Here’s one your science lovers might enjoy: In the Past: From Trilobites to Dinosaurs to Mammoths in More Than 500 Million Years by David Elliot
6. Poetry Can Encourage Expression and Creative Thinking
In a sometimes chaotic world, poetry offers a way for kids to express themselves in a creative way. It can be used to allow students to express their thoughts and feelings, which may be difficult to verbalize.
Kids may express their viewpoints about small things or about larger concepts like community, national, or world issues.
Poetry also encourages kids to think creatively. It allows them to use their imagination as they visualize a poem’s meaning. In addition to fun, lots of higher-level thinking skills are involved in creating a poetry piece.
This one is full of creative ideas and is called Sticks by Diane Alber:
7. Poetry Can Promote Social Emotional Learning
Poetry is a great addition to morning meetings or to class discussion times! When you take the time to read a poem and discuss it, students may see themselves in a poem and may start understand themselves or a life situation a little better. They may also learn to see something from a new perspective.
Here’s one by Judith Viorst that has lots of poems about the different feelings of childhood.
8. Poetry Can Be Used To Encourage a Love of Reading
Something that’s important to me is to help readers see reading as an enjoyable activity. I know that kids who are hooked on reading tend to read more and become better readers as a result. So, promoting poetry is one way to do that.
Another great thing about poetry is that its short passages feel less intimidating for struggling readers or ELL students. For reluctant readers, poetry may seem a bit more welcoming as a reading format.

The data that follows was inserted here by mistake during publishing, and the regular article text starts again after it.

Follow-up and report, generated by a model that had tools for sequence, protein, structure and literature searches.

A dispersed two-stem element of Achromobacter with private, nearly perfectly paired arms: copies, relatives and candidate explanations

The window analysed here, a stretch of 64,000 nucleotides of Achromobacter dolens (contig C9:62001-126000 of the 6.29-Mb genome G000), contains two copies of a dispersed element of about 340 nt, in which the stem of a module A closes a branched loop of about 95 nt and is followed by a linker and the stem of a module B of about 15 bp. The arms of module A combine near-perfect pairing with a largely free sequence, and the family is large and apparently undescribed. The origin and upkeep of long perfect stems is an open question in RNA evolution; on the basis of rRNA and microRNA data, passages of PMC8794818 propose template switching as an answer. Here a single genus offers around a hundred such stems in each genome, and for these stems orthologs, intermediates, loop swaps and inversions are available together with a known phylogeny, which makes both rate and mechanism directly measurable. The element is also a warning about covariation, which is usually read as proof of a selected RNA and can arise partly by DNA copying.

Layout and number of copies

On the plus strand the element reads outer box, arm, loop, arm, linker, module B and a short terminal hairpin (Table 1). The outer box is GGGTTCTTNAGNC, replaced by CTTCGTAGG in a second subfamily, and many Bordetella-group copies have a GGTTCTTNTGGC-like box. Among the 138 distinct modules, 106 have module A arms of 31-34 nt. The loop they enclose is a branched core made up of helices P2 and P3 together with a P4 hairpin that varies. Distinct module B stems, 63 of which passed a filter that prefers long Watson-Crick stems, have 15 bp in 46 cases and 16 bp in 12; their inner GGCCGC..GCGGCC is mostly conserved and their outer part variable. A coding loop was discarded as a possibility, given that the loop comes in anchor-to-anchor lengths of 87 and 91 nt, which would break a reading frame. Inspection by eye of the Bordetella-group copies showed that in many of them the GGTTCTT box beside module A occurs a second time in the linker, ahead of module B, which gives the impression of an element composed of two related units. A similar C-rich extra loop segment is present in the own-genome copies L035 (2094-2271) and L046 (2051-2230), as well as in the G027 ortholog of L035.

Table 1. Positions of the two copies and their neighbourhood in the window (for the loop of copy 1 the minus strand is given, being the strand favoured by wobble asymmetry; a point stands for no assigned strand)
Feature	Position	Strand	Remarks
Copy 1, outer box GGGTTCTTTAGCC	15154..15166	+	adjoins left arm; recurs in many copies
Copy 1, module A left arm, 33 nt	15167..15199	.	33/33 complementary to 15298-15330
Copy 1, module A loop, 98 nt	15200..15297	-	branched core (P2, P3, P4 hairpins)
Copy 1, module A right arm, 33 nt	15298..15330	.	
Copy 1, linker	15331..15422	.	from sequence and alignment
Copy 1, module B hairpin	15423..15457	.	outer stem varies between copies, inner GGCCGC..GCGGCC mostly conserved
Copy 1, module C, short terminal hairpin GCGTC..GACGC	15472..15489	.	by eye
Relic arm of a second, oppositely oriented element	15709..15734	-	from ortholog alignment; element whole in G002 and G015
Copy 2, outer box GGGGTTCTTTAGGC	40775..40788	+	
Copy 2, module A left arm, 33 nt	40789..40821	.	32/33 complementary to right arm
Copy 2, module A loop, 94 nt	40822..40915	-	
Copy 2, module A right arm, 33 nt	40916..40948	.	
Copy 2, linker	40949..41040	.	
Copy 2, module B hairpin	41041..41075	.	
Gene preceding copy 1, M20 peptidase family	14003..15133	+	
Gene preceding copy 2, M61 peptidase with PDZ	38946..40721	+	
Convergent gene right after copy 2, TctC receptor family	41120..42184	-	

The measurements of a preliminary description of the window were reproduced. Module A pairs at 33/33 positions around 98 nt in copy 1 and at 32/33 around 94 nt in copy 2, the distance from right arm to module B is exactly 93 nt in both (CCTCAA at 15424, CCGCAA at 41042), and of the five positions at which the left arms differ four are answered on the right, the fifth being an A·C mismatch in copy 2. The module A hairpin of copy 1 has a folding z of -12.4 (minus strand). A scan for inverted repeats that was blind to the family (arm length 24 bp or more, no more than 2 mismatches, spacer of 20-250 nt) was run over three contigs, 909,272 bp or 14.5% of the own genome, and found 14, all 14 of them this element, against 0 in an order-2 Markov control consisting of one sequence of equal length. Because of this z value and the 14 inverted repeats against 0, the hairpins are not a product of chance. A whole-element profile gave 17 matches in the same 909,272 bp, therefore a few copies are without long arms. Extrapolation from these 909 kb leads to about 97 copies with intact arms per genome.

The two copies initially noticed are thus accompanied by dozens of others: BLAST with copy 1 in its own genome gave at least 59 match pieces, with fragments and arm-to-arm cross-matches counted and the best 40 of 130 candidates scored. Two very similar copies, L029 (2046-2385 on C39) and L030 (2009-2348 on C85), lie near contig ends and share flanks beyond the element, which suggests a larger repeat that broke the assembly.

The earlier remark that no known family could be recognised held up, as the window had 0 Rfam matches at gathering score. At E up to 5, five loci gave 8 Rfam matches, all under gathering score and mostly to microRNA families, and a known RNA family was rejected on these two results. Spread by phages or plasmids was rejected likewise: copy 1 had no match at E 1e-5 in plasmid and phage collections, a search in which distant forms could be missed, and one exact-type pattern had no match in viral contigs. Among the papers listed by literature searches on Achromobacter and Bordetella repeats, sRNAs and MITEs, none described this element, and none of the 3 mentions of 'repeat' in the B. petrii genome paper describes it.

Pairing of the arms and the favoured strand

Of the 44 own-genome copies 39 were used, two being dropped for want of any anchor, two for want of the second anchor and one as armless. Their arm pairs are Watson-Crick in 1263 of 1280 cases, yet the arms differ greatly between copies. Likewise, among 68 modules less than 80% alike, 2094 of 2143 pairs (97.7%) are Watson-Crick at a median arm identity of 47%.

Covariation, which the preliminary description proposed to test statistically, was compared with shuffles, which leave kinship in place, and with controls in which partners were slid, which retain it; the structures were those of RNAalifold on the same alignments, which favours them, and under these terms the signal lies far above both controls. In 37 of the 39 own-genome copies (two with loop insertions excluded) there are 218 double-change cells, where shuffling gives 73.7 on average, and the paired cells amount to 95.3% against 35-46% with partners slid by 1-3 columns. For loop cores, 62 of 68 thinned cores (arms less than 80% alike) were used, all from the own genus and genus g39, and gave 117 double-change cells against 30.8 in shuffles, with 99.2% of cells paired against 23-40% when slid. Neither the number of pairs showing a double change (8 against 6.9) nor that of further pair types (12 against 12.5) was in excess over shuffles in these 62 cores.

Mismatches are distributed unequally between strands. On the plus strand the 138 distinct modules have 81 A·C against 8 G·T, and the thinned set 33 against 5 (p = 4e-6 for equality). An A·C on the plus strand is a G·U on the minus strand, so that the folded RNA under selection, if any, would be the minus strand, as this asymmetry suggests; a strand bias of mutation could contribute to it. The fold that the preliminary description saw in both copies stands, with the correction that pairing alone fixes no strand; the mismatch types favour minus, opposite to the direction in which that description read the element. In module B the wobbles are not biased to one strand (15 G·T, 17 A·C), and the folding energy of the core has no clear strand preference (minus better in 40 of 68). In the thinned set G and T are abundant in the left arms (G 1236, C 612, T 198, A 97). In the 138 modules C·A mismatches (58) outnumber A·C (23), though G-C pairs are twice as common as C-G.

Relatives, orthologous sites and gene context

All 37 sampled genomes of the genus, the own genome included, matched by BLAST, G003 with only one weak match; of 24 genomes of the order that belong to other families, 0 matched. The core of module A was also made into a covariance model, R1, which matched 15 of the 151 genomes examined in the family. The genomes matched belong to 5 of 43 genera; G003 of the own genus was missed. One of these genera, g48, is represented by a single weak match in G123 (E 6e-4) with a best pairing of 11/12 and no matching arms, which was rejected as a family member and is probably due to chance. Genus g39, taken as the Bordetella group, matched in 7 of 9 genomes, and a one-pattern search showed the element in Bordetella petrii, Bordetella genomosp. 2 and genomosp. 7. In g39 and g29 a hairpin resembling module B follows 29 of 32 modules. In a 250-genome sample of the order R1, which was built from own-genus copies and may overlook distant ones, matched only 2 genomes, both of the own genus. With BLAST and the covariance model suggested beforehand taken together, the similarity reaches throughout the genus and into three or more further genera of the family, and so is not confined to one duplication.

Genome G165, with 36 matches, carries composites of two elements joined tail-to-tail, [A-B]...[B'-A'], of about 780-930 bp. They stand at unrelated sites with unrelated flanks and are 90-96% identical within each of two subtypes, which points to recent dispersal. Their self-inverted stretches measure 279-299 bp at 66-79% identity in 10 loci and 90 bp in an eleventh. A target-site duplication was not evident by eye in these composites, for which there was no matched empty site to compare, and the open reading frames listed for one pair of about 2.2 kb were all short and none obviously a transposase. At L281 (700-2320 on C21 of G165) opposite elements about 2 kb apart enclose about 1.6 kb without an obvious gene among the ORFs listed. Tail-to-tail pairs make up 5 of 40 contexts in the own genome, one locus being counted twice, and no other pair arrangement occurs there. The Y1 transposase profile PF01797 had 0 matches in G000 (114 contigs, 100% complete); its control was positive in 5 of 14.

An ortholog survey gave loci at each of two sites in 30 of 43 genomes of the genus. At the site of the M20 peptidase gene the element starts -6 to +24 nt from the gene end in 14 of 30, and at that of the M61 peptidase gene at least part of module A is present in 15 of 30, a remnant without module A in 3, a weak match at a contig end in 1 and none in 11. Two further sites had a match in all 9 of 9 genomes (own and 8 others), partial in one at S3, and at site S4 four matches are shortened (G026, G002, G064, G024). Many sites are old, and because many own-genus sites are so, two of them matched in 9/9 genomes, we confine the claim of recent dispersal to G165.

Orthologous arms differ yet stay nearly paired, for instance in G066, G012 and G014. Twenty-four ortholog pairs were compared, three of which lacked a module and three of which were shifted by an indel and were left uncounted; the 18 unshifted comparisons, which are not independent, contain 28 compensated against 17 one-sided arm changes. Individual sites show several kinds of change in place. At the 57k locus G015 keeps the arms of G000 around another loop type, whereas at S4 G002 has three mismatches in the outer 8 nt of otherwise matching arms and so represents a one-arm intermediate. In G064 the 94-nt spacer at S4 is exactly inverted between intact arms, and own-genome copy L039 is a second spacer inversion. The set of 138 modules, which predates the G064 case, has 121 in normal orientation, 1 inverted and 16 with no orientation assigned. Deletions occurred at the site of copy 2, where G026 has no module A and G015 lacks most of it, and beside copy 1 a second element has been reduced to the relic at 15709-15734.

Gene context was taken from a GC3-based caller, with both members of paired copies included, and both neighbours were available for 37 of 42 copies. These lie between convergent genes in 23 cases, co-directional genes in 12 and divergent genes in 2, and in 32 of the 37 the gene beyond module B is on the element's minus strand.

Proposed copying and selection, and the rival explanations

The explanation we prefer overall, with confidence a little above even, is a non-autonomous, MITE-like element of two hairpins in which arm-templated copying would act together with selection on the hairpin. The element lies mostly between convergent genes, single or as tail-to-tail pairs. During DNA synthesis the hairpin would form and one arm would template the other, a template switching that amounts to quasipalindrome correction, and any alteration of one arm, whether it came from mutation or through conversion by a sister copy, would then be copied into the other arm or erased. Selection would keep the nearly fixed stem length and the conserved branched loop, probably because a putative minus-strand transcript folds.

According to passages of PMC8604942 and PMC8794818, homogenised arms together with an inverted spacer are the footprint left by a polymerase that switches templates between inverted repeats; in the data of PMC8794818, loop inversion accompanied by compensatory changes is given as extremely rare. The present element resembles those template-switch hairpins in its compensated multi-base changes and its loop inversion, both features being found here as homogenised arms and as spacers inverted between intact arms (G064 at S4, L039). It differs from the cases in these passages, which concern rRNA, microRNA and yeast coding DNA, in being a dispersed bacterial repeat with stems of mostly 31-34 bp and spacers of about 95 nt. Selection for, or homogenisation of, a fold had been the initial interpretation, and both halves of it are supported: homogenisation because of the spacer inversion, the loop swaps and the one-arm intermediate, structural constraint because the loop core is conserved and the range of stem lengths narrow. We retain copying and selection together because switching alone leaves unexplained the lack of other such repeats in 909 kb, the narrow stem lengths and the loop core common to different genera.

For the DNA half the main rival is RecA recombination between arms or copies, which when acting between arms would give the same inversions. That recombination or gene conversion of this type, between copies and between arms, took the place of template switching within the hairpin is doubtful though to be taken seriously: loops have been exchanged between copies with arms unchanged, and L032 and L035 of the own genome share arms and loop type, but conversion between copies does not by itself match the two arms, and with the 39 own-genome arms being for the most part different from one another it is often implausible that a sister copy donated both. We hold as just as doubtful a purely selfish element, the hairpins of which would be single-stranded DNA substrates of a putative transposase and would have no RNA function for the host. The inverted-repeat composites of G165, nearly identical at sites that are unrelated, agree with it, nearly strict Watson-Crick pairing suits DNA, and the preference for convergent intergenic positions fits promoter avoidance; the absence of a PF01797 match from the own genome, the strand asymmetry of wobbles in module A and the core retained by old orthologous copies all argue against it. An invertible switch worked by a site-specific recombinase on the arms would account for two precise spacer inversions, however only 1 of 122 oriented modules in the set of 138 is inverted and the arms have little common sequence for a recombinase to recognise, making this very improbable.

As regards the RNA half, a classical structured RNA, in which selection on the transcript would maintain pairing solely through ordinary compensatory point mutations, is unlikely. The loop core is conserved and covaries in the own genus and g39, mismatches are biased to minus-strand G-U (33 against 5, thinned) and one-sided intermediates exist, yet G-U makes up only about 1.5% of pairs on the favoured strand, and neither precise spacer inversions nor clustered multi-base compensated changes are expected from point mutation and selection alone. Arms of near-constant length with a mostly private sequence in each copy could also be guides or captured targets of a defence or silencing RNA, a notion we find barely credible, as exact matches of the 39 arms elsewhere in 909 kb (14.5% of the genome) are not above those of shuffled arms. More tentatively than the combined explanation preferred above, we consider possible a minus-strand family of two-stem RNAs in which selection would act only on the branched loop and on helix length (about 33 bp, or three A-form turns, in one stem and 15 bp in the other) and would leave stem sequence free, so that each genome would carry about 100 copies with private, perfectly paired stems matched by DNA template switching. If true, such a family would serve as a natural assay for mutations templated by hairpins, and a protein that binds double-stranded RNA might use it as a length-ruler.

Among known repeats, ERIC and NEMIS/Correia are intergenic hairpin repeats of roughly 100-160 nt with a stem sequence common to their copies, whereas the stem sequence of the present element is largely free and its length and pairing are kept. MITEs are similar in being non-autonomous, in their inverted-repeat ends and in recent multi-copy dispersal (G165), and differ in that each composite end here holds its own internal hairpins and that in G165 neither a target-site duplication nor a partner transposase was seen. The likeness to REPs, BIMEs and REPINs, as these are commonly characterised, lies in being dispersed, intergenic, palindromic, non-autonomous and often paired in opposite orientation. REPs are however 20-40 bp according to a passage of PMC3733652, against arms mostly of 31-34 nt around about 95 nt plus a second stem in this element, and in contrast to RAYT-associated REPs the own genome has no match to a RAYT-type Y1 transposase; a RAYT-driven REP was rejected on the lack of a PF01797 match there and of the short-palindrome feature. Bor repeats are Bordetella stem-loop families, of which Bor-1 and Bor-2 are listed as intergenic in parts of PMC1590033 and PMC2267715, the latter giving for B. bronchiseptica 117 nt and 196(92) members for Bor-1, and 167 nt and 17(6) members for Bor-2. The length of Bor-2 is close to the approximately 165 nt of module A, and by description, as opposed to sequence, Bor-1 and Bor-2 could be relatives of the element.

This one has silly poems to the tune of popular songs: Take Me Out of the Bathtub and Other Sily Dilly Songs by Alan Katz
If you’re looking for a few poetry books guaranteed to be fun for your upper elementary students, you might like this post: Poetry Books Kids Love
For all of these reasons, poetry is a genre that benefits upper elementary students as readers, as writers, and as thinkers.
It’s my hope that you include poetry as a regular part of your reading toolbox. Kids need that little push from you as a teacher. Otherwise, they may not discover poetry or spend time reading it.
If you’re interested in a time-saving poetry resource that also includes drama and prose, you might like to take a look at my Elements of Poetry, Drama, and Prose unit for 3rd – 5th Grades.
It comes in both print AND digital and includes a flipbook with directions and examples for 9 different poems, as well as passages and handouts.
I also love using these Elements of Poetry, Drama, and Prose DIGITAL Units!
They’re totally different than the print and digital version above but are also a great way to add poetry to your classroom! They include passages, reading comprehension, vocabulary, and reading strategy slides in an interactive format your students will LOVE!
Thanks so much for stopping by!